But that's not the reality of theater photography. You don't have unlimited access to actors. You don't have infinite budget for retouching and compositing and the theater probably wouldn't want that service if you could provide it. They value authenticity over perfection.
So we overshoot each scene so that we can be reasonably sure that there will be at least one frame in which everyone looks great, has their eyes open, is turned in just the right direction and in which the photographer has nailed composition, focus and exposure. Oh, and good handholding technique. As weird as it may sound your "perfect" selection ratio might be one really good and usable photograph out of a series of 50 or 60 that don't really make it.
With theater you also have to add in the reality that this may be the first time you've seen the productions and have no idea what comes just after the shot you thought was going to be the ultimate keeper. I keep shooting because I don't want to stop only to find the very next second or minute or whatever holds an even better version of the frame I just shot. We can always trash the frames that don't work but we can never get frames we lost by assuming we'd already hit the peak of action only to take our eyes off the prize just as it turned to gold. A little extra shooting and a little extra editing is the price we pay for looking for the potentially great shot in a sea of adequate shots.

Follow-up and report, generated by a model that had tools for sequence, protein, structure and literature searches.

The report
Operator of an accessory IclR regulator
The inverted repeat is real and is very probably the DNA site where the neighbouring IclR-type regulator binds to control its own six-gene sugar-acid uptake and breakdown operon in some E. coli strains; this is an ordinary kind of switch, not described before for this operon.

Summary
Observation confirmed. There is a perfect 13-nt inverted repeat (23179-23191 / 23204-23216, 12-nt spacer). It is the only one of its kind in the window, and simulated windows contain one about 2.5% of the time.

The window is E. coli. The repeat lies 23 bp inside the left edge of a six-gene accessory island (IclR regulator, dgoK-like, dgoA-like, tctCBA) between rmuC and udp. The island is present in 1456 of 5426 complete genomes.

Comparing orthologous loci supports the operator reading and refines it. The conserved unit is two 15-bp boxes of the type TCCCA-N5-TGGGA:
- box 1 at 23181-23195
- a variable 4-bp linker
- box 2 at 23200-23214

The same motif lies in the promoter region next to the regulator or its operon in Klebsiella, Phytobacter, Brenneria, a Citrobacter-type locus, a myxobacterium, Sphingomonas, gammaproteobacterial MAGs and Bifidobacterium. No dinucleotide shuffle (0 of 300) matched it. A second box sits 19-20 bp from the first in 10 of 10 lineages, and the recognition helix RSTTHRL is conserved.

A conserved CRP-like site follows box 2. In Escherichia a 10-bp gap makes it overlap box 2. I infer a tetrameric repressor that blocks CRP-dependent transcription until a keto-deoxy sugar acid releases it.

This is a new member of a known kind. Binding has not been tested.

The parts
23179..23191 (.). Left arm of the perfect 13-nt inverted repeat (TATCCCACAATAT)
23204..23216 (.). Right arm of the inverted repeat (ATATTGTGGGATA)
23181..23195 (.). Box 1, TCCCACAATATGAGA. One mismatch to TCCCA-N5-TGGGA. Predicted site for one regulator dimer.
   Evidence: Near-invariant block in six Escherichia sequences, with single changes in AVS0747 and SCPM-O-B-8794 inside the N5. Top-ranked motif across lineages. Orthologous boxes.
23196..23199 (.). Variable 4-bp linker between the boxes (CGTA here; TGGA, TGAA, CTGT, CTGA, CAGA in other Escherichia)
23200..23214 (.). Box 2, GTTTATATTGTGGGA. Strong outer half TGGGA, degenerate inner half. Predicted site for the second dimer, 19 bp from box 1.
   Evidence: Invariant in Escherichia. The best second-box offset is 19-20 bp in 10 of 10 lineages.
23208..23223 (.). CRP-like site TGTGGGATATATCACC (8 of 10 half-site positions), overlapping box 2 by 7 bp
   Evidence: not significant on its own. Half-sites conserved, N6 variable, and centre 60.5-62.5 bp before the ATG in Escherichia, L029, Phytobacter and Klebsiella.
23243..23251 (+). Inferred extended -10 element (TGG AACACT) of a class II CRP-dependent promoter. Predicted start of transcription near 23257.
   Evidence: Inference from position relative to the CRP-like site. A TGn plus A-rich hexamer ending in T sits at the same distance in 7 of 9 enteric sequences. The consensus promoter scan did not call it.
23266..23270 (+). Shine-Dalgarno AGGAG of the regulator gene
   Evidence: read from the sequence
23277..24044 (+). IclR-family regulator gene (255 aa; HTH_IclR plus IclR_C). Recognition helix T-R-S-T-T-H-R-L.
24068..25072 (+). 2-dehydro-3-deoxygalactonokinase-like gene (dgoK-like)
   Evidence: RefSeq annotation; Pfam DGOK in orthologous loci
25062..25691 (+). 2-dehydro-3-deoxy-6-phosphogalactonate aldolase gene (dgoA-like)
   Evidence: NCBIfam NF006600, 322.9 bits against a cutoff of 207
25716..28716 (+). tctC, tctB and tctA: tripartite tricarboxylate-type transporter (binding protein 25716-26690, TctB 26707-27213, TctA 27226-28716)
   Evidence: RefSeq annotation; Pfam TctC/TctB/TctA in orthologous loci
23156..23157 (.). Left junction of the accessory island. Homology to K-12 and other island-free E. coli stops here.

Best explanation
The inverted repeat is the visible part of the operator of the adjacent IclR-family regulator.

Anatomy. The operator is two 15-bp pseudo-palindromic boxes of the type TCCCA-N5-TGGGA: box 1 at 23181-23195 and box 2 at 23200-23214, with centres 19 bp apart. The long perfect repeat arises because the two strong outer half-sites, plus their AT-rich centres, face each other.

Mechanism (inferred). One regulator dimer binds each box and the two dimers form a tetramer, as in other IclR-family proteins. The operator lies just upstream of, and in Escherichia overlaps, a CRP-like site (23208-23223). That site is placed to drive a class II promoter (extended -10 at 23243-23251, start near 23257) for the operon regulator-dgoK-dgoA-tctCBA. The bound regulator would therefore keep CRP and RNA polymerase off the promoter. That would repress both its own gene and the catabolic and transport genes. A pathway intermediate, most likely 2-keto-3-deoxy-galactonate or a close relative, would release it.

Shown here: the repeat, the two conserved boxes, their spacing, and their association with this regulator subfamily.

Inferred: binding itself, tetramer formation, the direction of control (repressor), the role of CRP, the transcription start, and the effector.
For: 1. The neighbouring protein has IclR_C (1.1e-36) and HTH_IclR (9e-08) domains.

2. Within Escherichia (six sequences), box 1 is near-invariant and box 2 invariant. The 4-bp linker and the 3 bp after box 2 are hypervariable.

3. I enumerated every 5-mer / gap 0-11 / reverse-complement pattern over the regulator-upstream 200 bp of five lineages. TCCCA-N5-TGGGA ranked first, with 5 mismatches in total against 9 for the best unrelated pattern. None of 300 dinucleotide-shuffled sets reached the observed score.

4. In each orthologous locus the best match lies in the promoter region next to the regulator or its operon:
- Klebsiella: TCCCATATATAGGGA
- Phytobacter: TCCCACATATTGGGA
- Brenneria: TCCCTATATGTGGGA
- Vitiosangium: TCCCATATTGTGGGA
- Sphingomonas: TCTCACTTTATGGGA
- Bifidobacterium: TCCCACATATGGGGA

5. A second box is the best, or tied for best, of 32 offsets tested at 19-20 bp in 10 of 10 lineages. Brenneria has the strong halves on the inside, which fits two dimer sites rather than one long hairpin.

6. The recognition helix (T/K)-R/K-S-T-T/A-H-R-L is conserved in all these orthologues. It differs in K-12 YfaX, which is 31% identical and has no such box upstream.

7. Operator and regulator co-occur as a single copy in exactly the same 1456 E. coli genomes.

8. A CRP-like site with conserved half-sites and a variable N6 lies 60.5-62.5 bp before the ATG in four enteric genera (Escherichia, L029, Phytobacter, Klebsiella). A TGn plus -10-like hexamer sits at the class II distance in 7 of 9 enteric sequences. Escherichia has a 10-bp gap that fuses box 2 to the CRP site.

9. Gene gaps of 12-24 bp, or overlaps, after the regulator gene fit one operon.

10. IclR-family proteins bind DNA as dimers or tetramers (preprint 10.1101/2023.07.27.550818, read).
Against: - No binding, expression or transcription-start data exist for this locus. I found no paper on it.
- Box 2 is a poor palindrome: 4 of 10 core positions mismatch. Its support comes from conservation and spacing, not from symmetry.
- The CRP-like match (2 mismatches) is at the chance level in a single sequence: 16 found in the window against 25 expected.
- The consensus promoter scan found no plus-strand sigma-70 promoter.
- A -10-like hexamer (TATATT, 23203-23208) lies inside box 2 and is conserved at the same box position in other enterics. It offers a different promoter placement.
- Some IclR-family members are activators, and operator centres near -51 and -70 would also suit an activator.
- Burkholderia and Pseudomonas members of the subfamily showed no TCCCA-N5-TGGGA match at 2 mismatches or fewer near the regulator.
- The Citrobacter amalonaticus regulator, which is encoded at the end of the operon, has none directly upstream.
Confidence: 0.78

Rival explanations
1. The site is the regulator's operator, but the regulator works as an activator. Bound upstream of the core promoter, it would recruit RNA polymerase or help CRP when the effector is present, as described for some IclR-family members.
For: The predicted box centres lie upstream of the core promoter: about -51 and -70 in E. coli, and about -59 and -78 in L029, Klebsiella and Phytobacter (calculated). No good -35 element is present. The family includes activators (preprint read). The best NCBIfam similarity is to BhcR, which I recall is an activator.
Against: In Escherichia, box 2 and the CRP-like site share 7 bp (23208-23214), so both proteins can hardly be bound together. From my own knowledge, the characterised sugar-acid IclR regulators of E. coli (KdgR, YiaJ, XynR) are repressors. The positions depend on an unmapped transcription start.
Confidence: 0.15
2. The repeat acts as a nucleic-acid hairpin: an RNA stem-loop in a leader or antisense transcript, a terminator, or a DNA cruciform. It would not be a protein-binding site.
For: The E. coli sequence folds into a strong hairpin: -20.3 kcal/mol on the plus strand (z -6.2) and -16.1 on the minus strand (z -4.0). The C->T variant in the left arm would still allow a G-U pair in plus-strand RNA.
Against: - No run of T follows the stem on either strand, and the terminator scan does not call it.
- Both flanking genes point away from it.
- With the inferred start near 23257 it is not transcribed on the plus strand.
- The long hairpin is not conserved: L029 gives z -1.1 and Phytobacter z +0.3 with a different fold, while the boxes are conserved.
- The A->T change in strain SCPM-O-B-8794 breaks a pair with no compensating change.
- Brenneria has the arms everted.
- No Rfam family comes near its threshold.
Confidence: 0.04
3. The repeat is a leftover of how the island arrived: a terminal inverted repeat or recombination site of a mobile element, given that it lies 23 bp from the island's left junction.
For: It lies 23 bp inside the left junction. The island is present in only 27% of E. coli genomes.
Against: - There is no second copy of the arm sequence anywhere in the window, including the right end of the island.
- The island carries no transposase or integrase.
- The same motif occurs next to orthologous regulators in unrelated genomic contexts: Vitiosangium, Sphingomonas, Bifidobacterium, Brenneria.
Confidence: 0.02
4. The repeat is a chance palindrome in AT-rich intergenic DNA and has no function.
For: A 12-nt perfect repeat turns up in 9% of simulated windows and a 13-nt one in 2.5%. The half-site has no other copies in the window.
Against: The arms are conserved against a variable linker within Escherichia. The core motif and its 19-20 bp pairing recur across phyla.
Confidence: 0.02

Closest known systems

And that's why I shoot so many frames.
One last thing. I may be partial to a certain look or gesture or expression but I try to shoot beyond my preferences because clients may have different tastes, points of view, or understandings about what constitutes a great image for their marketing efforts. In a very real way I'm shooting get stuff for me and for them even if the stuff in question is shot in two different ways. At least, if I overshoot, more of us will be happy with the final choices we get to make.
If I were shooting still life stuff to a tight comp we could probably get the shot in three frames....and two of those would just be safeties...
On a different topic (kinda): I wish Olympus made lenses for other camera makers. I love my m4:3 cameras partly because the two Olympus Pro lenses I use are so darn good. But I'd love to have them make a 25-125mm f4.0 lens for full frame Nikons and Sonys because I'm almost certain they'd blow the doors off what the big boys put on the market. And I know their image stabilization would also rock. Ever thought about what would happen if every photography player just played to their strengths? The lens I described just above with Nikon or Canon color science and Sony mirrorless tech? We couldn't even use a system like that. It would be too good for most uses. We'd end up crying over the lost potential........
Maybe it's just the heat talking...
Posted by Kirk, Photographer/Writer at 15:19